The ground coffee

As with other coffee-making methods, the fineness of the coffee powder is utterly vital, especially when using specialty coffee. If the ground coffee is too coarse, the water will flow through quickly without carrying the bean extract. Conversely, if too fine, the resulting taste will be too bitter, unbalanced, or even worse.

For Pour Over in general, medium roasted coffee is the best as it contains the brightest and most acidic flavors. The seeds may be smaller than those used for French press or Cupping but larger when used for Espresso or Siphon. Additionally, with each different Pour Over tool, the ground level is also different. For example, you will use thinner filter paper for V60 while the filter paper for Chemex can be a little larger.

Water pouring technique

Of the 2,000 cups of coffee poured over at coffee shops, only about 20 have been extracted so well. This percentage is only 1%, which shows that Pour Over is not totally effective for coffee shops because the consistency in extraction is rather low and the biggest obstacle lies in how you handle the pouring. All you can do to level up the skill is either try with the volume of water and number of pours or steadily and continuously pour to keep the saturation even.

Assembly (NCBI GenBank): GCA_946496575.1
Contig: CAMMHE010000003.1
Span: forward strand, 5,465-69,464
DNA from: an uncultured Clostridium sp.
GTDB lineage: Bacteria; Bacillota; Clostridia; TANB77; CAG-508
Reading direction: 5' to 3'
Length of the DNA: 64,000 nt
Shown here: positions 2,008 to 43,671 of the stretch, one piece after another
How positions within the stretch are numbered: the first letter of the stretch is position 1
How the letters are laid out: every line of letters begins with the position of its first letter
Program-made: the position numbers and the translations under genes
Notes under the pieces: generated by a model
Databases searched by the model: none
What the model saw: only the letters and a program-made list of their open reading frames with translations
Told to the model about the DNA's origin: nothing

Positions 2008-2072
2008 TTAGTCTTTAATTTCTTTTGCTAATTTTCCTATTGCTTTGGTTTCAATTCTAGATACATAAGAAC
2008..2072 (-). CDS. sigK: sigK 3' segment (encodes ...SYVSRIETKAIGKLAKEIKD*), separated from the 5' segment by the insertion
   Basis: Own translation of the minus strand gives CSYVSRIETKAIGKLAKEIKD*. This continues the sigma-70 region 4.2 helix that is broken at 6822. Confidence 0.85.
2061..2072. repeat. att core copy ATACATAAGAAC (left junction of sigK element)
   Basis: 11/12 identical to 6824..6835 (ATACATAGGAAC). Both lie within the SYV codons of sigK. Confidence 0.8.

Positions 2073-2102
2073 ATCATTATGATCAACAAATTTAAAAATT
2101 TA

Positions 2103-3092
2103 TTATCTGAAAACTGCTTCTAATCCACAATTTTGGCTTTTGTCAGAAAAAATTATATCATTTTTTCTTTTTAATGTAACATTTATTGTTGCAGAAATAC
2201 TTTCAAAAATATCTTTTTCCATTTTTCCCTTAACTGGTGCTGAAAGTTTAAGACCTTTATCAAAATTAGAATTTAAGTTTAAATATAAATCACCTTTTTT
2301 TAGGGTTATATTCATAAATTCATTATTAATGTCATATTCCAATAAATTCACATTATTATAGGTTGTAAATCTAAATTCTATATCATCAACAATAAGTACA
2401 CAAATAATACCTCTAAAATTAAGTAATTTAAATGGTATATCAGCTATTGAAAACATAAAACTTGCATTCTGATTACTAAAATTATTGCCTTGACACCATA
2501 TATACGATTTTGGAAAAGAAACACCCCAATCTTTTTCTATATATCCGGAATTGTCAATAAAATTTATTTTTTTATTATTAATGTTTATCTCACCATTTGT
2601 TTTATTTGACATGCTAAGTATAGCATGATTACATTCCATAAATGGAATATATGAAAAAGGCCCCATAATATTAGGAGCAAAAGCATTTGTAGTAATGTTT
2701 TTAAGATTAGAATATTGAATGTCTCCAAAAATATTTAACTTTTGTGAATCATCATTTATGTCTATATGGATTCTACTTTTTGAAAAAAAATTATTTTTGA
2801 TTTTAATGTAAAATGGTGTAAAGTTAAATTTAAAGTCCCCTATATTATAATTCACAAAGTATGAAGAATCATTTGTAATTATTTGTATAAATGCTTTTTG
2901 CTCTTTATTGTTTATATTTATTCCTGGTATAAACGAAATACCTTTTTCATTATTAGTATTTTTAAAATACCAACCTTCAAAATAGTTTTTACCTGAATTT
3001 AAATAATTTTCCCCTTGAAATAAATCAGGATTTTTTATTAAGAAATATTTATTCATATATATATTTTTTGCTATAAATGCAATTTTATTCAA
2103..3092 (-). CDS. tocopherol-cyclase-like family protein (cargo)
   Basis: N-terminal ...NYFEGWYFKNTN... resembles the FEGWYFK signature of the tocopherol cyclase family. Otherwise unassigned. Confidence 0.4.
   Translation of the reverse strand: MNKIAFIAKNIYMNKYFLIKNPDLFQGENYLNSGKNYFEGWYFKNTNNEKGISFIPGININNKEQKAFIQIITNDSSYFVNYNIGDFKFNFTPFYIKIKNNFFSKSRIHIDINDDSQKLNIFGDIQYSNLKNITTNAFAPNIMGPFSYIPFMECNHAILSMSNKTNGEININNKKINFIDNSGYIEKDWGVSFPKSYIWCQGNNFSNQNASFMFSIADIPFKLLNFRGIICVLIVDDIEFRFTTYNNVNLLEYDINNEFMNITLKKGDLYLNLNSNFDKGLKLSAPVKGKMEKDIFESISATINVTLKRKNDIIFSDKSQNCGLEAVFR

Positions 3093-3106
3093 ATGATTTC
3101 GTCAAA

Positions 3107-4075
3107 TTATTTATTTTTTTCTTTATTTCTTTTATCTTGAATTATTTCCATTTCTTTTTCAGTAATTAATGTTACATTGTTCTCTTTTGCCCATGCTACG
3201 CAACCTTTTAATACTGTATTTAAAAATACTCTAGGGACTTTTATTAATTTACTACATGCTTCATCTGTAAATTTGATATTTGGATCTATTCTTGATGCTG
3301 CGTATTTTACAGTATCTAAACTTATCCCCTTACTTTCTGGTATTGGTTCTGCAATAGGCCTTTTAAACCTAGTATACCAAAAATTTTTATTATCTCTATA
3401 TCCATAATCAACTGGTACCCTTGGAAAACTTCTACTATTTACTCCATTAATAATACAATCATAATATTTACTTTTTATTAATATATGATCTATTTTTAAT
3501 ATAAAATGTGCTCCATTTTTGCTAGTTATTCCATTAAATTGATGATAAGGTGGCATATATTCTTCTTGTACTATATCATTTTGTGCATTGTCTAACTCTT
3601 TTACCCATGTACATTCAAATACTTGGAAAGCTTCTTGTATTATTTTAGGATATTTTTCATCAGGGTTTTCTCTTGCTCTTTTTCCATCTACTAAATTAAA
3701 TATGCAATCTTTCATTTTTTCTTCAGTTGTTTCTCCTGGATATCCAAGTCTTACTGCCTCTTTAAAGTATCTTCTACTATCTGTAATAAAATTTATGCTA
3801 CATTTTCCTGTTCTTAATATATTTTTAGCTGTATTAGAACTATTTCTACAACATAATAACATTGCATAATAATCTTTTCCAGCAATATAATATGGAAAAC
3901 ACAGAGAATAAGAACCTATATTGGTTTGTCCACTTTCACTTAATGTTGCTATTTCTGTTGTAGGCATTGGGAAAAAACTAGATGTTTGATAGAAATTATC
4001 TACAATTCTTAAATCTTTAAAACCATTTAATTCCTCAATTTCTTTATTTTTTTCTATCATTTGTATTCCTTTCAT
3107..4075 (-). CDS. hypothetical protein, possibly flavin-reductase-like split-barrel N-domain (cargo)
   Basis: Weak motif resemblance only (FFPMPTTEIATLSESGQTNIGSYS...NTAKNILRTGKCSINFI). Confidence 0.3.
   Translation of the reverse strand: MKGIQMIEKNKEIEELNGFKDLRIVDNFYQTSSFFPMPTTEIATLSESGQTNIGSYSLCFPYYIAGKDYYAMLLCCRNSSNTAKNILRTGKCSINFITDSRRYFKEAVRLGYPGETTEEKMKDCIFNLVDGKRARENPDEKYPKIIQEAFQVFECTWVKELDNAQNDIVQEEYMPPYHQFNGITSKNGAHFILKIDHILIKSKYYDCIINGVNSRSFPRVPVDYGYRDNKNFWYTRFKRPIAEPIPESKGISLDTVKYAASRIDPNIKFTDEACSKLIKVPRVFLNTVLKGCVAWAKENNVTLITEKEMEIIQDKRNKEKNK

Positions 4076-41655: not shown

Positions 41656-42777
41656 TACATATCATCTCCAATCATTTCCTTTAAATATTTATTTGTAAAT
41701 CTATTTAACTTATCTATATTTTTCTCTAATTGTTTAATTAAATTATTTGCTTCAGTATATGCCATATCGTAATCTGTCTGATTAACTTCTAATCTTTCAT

*Other notes:

  • The water temperature is stable at about 93 degrees Celsius
  • Coffee must be soaked before extraction
  • Constantly stir during pouring for better water-coffee contact
  • Finish at the right time to ensure a balance of flavors

The ratio

The ratio of brewing coffee and water is also the basis for your quality cup of Pour-Over. The ideal ratios recommended for specialty coffee are usually 1:15 and 1:17. Moreover, the amount of brewing water should always remain between 20 and 25% of the total amount of water in use. This means that with 20 grams: 300ml of water, the usual amount of brewing water will be 60ml; however, feel free to explore numerous recipes that suit your taste buds best!

How to make a perfect cup of Pour Over

Make sure you have all the following Pour-Over gadgets:

  • Coffee grinder
  • Coffee pot
  • Funnel
  • Filter paper
  • Cup
  • Arabica coffee beans (Robusta)

And, here are the detailed instructions:

Step 1: Weigh and grind the coffee

Grind 20g of coffee at a medium level, because if the ground coffee is too fine, the taste will be bitter, and if the ground is coarse, the taste will be sour.

Step 2: Rinse the tool, wet the paper

– Place the filter funnel on the coffee pot.

– Place the filter paper in the filter funnel.

– Use hot water to rinse the tool and filter paper. This step helps to deodorize the filter paper and clean the brewing equipment.

Step 3: Put coffee into filter paper and brew coffee

– Put 20g of coffee into the filter funnel.

– Pour 60ml of water over coffee to brew coffee within 30 seconds.

Step 4: Pour water to make coffee

– After brewing coffee, continue to pour the remaining 240ml onto the coffee.

– Pour slowly clockwise.

Total brewing time from the first pour is about 2 minutes 30 seconds. If too fast, the coffee will be pale and sour, yet if you pour water too slowly, it will make the coffee bitter.